The Liberty County Board of Education has not been coy about its financial hardship in recent months, and its decision earlier this month to adopt a calendar with six teacher-furlough days for the coming academic year should not have been a surprise.
Citing reductions in federal impact aid and state distributions, the district has made its case. But how will the decision to reinstate furloughs impact its teachers and students?
Superintendent Dr. Judy Scherer said this week that all staff members will lose six days of pay, including central-office staff. But she acknowledged that doesn’t mean their workloads will be reduced.
“Although teachers are required to take the furlough days and are not allowed to be in the buildings on furlough days, I am sure some do work just as they work on weekends and at night to complete work and prepare for their teaching responsibilities,” she said. “Teaching is a salaried position, and how efficient you are in doing the work determines how long it takes you to complete the job.”
The cost to our economy
Assistant Superintendent for Administrative Services Jason Rogers provided a breakdown of average salaries, average reductions per year, per check and as a percentage decrease.
The average Liberty teacher salary, $56,165, will see a 3.05 percent decrease, or $1,710 over the year and $143 per paycheck.
Bus drivers receive an average of $12,715 and will see a 3.3 percent decrease, or $424 over the year and $17.66 per check. Cooks also will lose 3.3 percent of their $12,437 average, an estimated annual loss of $410 or $17.08 per check.
Janitors average $21,078 per year and stand to lose 2.7 percent, with $21 lost each check or $496 per year. They also work approximately 70 days more than the other groups, Rogers said.
Paraprofessionals average $18,522 and will lose 3.3 percent as well, or $611 annually, and $25.44 per pay period.
Professional Association of Georgia Educators spokesman Tim Callahan said his 84,000-member group has kept a keen eye on how districts statewide manage their budget woes.
“Unfortunately, the financial situation has not improved sufficiently to put furloughs in our rearview mirror,” he said. “No doubt, they’re reacting to financial factors that they just can’t overcome any other way. I have some sympathy for the school districts, but at the same time, it’s a hardship for the educators.”
While he acknowledged that the cuts are not confined to Liberty, he said it’s “cold comfort” to those whose livelihoods depend on education.
“Everybody’s situation in their family household is important to them, and it’s not much comfort to know that it’s happening to other people as well …,” Callahan said. “I guess the only thing worse than a furlough is simply to lose your job completely, and that has happened across the state as well.
“It just is impacting families very, very badly, you know, when you lose five or 10 or 15 days. And in some situations, you have both a husband and wife who are both teachers, so it’s like a double-impact on their incomes,” he added.
Parents also could incur additional child care costs for the six days of instruction lost.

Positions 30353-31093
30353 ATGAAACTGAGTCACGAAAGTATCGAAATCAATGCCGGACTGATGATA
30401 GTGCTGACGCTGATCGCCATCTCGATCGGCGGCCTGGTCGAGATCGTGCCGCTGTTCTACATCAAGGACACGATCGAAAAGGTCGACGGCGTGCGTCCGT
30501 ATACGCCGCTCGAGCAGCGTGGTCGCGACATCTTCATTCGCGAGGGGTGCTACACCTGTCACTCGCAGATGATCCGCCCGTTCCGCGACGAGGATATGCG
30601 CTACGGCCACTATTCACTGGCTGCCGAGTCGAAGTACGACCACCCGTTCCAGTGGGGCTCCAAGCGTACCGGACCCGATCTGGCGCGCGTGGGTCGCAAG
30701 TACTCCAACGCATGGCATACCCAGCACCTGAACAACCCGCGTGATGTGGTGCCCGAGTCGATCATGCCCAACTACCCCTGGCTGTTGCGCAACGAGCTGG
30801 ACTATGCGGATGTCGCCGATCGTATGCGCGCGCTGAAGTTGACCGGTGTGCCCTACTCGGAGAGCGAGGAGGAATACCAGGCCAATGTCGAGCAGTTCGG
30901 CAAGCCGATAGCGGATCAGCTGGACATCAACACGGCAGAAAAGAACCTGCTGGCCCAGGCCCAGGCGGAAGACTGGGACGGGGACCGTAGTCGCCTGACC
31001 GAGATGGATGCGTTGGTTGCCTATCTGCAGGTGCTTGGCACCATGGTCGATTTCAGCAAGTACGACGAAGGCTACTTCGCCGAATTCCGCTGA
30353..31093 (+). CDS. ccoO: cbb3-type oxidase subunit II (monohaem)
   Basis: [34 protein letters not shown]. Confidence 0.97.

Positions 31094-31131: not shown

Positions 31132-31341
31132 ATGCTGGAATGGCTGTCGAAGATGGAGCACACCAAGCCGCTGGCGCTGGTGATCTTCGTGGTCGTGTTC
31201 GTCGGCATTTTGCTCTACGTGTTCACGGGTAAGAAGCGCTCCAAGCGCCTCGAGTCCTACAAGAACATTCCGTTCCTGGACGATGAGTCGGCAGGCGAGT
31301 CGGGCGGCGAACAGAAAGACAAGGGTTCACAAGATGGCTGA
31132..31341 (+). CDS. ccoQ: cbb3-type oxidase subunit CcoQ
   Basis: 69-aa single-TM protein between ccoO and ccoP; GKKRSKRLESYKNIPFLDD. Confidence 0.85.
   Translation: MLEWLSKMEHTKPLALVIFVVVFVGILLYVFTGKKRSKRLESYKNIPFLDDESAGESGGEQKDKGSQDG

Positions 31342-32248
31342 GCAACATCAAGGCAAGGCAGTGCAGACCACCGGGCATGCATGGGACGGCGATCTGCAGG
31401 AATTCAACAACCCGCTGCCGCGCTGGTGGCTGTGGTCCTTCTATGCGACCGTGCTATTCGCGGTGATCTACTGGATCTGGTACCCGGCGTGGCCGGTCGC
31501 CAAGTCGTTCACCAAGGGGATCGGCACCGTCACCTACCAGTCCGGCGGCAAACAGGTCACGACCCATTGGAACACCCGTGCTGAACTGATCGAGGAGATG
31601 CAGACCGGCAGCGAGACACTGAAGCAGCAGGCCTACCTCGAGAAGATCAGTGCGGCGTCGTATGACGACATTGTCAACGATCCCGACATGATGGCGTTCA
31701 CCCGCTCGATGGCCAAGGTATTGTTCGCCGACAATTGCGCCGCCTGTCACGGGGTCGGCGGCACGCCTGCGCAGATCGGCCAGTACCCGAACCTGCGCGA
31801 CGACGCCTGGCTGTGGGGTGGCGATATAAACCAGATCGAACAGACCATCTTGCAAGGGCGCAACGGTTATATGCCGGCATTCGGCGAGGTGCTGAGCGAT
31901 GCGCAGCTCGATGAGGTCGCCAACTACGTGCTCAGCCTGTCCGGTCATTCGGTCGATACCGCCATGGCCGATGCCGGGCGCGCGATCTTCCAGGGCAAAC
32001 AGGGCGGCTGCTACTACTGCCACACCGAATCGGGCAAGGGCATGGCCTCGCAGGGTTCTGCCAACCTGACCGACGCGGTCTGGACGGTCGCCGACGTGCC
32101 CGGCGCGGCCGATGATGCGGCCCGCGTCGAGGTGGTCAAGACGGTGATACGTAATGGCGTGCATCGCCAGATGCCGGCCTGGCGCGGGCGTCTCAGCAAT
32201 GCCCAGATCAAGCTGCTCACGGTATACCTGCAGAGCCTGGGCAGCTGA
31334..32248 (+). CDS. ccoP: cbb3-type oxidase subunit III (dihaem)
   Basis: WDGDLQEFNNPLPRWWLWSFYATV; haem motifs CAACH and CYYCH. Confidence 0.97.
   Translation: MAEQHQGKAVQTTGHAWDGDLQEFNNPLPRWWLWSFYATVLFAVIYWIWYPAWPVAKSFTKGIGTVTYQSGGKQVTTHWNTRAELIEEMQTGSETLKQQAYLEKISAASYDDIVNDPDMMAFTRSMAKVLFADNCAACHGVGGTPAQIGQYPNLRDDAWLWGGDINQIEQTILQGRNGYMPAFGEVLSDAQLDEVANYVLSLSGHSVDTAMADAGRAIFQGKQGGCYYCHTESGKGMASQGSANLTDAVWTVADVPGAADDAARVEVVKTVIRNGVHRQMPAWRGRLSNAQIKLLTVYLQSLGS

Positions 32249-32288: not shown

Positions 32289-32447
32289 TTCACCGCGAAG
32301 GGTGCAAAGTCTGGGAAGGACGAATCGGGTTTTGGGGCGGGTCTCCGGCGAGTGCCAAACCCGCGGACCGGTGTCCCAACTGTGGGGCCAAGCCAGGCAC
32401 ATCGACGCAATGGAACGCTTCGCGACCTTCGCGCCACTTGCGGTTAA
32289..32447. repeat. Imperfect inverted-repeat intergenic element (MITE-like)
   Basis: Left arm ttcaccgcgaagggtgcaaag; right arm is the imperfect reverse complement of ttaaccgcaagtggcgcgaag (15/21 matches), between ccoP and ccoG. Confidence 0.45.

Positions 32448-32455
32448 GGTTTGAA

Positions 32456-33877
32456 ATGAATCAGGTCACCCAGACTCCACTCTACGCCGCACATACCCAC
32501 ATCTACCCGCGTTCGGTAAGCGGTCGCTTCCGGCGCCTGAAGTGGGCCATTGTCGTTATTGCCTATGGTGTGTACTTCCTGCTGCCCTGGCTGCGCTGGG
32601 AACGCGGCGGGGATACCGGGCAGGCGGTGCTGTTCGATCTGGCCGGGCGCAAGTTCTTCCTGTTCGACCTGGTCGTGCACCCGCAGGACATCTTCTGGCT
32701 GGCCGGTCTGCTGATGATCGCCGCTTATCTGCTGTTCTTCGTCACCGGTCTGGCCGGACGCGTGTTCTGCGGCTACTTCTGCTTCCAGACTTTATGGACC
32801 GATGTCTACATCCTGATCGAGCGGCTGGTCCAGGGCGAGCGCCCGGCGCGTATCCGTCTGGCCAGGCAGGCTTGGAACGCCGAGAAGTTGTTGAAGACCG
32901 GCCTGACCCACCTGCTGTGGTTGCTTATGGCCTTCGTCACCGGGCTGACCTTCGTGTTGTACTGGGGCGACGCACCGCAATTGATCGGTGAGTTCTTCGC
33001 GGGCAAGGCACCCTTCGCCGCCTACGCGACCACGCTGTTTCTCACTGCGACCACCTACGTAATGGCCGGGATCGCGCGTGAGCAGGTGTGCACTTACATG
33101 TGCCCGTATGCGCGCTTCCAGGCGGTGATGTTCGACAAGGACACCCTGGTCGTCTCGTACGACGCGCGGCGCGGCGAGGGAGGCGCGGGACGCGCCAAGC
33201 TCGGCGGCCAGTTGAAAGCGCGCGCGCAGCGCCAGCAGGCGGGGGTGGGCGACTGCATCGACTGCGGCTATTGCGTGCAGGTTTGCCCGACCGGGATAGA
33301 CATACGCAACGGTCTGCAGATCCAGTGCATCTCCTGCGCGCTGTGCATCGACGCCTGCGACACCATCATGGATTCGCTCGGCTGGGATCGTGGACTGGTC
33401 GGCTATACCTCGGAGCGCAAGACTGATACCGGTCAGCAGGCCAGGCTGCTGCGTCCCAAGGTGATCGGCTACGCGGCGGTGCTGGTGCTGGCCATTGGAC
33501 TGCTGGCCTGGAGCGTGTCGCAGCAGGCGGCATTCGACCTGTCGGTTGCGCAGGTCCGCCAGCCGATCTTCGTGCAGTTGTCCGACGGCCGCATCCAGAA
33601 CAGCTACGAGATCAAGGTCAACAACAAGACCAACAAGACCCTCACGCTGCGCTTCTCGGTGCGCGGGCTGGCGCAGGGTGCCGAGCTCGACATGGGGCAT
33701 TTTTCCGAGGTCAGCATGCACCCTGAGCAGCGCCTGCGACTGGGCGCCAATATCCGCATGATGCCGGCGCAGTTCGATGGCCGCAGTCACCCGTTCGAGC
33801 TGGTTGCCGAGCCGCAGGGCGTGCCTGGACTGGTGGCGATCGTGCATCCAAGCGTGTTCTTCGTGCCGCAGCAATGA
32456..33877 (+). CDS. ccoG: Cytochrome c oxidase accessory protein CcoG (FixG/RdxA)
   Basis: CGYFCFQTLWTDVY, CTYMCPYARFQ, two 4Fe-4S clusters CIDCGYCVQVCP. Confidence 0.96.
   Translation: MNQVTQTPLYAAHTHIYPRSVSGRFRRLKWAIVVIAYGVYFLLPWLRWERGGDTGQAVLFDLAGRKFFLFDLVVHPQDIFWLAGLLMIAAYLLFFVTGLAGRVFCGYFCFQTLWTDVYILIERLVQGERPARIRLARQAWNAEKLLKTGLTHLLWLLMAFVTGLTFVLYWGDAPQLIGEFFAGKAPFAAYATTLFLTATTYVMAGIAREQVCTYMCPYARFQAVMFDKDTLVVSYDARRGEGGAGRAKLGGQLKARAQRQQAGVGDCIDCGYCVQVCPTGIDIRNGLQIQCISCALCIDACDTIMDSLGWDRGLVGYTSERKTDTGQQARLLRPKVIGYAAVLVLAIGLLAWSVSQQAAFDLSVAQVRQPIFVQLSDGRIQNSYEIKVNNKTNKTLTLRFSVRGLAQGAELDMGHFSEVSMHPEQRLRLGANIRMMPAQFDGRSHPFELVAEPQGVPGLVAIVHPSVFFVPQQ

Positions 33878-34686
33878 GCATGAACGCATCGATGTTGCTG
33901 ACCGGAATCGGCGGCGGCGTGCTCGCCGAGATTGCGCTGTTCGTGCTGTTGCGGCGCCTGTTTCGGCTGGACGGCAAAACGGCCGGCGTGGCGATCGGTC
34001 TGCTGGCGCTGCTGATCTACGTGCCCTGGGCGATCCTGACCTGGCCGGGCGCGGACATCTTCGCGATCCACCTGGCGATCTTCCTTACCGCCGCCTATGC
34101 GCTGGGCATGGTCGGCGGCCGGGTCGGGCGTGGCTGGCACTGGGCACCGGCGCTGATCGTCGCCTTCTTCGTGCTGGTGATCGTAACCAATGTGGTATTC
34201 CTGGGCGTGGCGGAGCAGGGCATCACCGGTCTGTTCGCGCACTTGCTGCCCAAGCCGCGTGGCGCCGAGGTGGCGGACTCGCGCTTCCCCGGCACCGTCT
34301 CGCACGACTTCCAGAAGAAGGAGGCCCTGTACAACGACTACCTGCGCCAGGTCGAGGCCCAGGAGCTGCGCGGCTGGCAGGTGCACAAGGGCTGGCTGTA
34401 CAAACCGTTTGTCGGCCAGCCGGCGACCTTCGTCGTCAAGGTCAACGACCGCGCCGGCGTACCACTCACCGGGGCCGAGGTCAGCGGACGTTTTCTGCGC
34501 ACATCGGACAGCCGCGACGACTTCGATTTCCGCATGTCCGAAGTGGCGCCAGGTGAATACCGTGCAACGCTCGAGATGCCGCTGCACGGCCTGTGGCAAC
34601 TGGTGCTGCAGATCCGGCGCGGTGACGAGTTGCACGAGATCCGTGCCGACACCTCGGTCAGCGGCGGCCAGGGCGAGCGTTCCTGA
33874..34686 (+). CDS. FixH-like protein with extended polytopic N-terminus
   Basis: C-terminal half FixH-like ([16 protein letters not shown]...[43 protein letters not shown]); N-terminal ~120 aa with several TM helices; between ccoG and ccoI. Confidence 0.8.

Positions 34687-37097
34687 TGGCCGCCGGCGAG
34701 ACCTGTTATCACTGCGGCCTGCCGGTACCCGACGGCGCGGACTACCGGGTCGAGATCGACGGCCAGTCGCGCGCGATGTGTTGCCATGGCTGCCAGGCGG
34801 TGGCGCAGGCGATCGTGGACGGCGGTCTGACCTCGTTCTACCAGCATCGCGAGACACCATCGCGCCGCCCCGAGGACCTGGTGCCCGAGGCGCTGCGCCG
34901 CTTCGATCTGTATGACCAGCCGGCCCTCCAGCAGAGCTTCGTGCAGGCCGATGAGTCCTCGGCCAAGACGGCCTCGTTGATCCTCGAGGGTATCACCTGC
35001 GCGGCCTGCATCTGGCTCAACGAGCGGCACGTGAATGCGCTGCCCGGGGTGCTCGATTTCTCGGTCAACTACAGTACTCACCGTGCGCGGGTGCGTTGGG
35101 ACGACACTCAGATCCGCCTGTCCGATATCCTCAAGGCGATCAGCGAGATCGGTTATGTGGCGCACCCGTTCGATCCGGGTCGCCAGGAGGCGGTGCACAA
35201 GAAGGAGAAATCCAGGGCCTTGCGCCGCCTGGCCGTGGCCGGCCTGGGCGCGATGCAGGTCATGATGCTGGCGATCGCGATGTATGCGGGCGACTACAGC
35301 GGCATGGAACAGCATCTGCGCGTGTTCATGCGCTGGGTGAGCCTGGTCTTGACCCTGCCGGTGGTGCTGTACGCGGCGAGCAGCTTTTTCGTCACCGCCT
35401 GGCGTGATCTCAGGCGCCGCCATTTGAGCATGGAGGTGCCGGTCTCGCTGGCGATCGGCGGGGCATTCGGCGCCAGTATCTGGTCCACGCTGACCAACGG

While board members have asked during meetings for a comparison of employees whose positions are covered through federal and state funds versus staff that is locally funded, Rogers has indicated that it’s hard to quantify because funds come through so many different channels.
In recent meetings, the board has talked about “holding the line” and finding ways to pinch pennies, but cutting board-member compensation has not yet come up. The board chairwoman receives $710 per month, and six other members each receive $500 per month at an annual cost of $44,520.
They also receive an additional $128 per day when on approved overnight travel more than 50 miles outside of the county.
Impact on student performance
Despite funds being reduced, the standards remain. That means the same curriculum benchmarks and test material are expected to be covered despite losing six days of instruction.
Scherer said a decision about whether to extend the length of school days for the 2013-14 year has yet to be made but does not appear likely.
While Callahan said his organization has not tracked whether furloughs affect student performance, it’s treated as a given.
“It just has to be impacting the quality of education, and I don’t think anyone could say that you could chop off three days, five days, six days — or, in some cases, I’ve heard as many as 10 days — and not impact the quality of student learning,” Callahan said.
Peaceful Playgrounds, a company dedicated to increasing children’s recess activity and effectiveness, also has weighed in on furloughs. Its website indicates that because a 180-day instructional calendar is traditional in most states, it’s hard to quantify the impact of modified instruction time.
However, unanticipated closures point to some answers.
“Research was conducted in 2007 and 2008 when year-to-year changes (in the length of the school year) due to snow days in which school was cancelled. The findings indicate that for every day of school cancelled, the percentage of students passing the state math assessment dropped by one-third to one half a percentage point,” said an article on PeacfulPlaygrounds.com.
“The cumulative effect of 10 days either gained or lost is huge. Another way to look at it is that the No Child Left Behind Act required that schools show annual yearly progress (AYP) of 10 points. The above research indicates that a swing of 3-5 points could happen by shortening or lengthening the school year. Clearly, more data should be collected on this phenomenon, but one can argue that current research indicates the ‘furlough days’ will negatively impact student achievement.”